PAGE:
heart that God was very present at the monastery and, for the rest of my life, I wanted to be where God was,” Iten said. She also had Benedictine nuns as grade-school teachers. When she was in seventh grade, she said she knew she wanted to attend St. Benedict’s High School because she intended to join the monastery after graduation. “I loved the Sisters’ way of life,” Iten said. “I loved to pray, sing and chant the daily prayers. I had come to appreciate daily Mass, and the Sisters’ regular, common life appealed to me, although I had to get used to living with lots of different personalities over the years.” Iten entered the monastery in 1956 and attended the College of St. Benedict. She became an elementary teacher. “My dream was to teach second grade for the next 50 years and get a medal,” Iten said.

For additional criers, visit www.thenewsleaders.com and click on Criers.

Sr. Joyce Iten makes coffee at the post-Mass reception celebrating the Sisters of the Order of St. Benedict’s 150th anniversary of moving to St. Joseph. “My dream was short-lived, however, when I was assigned to teach various grades in various parishes over the next 18

years. Although I loved teaching, I became restless and was looking for a new challenge.” Sisters • page 4

Abbey releases list of 18 ‘credibly’ accused clergy by Dennis Dalman news@thenewsleaders.com

A list of 18 St. John’s Abbey priests or monks, living and deceased, has been released by the Abbey. All men on the list, which was released Dec. 9, are those who have been “credibly” accused of sexual misconduct. The list’s release was in response to a lawsuit filed recently against a former monk who is accused of repeatedly molesting boys years ago. Part of the lawsuit called upon St.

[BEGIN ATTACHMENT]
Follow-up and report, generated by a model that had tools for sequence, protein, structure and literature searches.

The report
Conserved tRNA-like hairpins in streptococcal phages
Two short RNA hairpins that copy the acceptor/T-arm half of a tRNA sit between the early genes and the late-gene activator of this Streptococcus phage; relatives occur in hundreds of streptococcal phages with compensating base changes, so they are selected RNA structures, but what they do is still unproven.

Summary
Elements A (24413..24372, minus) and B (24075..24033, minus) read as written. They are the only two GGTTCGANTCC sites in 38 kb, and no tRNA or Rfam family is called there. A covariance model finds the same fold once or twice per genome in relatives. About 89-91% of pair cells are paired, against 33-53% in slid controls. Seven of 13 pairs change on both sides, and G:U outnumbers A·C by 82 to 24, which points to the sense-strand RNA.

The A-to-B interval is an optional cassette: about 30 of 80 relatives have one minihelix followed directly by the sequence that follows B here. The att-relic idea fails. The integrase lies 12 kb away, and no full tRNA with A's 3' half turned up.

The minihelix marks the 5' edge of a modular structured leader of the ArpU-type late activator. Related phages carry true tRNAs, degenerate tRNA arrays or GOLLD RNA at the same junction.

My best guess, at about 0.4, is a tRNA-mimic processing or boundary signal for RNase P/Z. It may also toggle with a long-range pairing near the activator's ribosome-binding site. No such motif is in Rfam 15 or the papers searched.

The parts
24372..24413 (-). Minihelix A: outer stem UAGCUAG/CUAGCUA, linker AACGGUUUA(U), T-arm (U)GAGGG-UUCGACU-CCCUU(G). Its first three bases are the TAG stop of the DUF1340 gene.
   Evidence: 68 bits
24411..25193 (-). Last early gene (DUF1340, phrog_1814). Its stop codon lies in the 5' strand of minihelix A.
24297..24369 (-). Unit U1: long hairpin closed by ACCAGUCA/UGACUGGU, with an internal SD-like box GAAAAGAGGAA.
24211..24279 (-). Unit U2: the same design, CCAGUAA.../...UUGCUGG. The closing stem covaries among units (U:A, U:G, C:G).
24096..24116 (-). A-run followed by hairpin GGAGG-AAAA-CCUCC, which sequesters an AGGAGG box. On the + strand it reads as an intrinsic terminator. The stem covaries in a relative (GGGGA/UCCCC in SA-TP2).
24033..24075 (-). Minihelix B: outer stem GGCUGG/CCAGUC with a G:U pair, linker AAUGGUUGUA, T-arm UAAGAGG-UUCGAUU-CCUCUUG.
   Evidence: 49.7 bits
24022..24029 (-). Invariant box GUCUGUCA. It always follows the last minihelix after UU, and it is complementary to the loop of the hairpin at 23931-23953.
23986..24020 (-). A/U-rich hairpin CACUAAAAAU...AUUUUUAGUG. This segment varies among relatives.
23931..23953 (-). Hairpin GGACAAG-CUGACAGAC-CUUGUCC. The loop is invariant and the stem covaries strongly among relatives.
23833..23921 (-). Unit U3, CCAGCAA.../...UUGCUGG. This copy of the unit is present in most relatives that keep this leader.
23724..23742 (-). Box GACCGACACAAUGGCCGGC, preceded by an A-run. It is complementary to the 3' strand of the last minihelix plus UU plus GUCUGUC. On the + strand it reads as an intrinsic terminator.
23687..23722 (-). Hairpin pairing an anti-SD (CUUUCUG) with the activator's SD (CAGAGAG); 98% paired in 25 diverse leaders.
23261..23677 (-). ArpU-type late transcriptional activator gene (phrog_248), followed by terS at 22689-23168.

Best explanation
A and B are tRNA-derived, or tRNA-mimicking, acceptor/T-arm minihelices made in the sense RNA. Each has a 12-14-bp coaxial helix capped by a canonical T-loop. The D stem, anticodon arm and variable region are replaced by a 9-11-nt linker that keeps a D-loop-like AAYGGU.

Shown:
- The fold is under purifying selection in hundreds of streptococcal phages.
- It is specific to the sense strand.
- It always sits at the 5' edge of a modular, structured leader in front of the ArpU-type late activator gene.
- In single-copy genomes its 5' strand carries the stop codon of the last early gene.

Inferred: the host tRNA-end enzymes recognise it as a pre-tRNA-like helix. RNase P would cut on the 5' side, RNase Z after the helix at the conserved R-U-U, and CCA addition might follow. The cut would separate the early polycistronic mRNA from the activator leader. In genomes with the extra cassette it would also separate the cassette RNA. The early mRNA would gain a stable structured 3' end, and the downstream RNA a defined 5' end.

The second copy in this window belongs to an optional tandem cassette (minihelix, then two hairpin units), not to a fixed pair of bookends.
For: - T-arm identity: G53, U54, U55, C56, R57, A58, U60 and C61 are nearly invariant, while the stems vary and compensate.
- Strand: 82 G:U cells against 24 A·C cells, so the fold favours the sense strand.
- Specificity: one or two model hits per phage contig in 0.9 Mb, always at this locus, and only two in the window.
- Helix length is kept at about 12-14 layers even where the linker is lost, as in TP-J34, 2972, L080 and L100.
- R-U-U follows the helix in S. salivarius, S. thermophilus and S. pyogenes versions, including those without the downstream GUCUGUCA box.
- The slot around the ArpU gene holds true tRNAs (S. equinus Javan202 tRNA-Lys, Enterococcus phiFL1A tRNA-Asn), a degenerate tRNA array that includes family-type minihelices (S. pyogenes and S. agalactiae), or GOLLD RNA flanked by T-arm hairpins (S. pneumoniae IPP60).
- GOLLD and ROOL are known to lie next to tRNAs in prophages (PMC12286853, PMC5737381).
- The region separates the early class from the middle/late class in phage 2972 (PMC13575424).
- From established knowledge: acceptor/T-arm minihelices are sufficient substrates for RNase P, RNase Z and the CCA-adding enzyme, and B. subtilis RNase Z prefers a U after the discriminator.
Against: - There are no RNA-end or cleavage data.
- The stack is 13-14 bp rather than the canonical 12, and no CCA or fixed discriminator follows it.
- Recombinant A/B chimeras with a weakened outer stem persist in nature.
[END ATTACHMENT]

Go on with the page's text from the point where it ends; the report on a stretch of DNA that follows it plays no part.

John’s Abbey to release a list of “credibly” accused monks and priests, past or present. The monk, Fr. Francis Hoefgen, is accused by a man known as “Doe 27” of sexually abusing him when he was a boy in the Hastings Catholic parish. In 1983, Hoefgen, who was serving in Cold Spring’s St. Boniface at that time, was accused of abusing a boy in that city. No legal proceedings followed that charge. Hoefgen is no longer a priest or monk and lives in Minneapolis.

The release of the list by St. John’s Abbey came just a week after the Catholic Archdiocese of St. Paul-Minneapolis released a similar list containing 34 priests. The names of three former St. John’s Abbey priests were on that list: Hoegfen, Cosmas Dahlheimer and Brennan Maiers. The names on the lists do not mean necessarily that those men sexually abused young people. Rather, the lists’ names are those of priests or monks who have been “credibly” ac-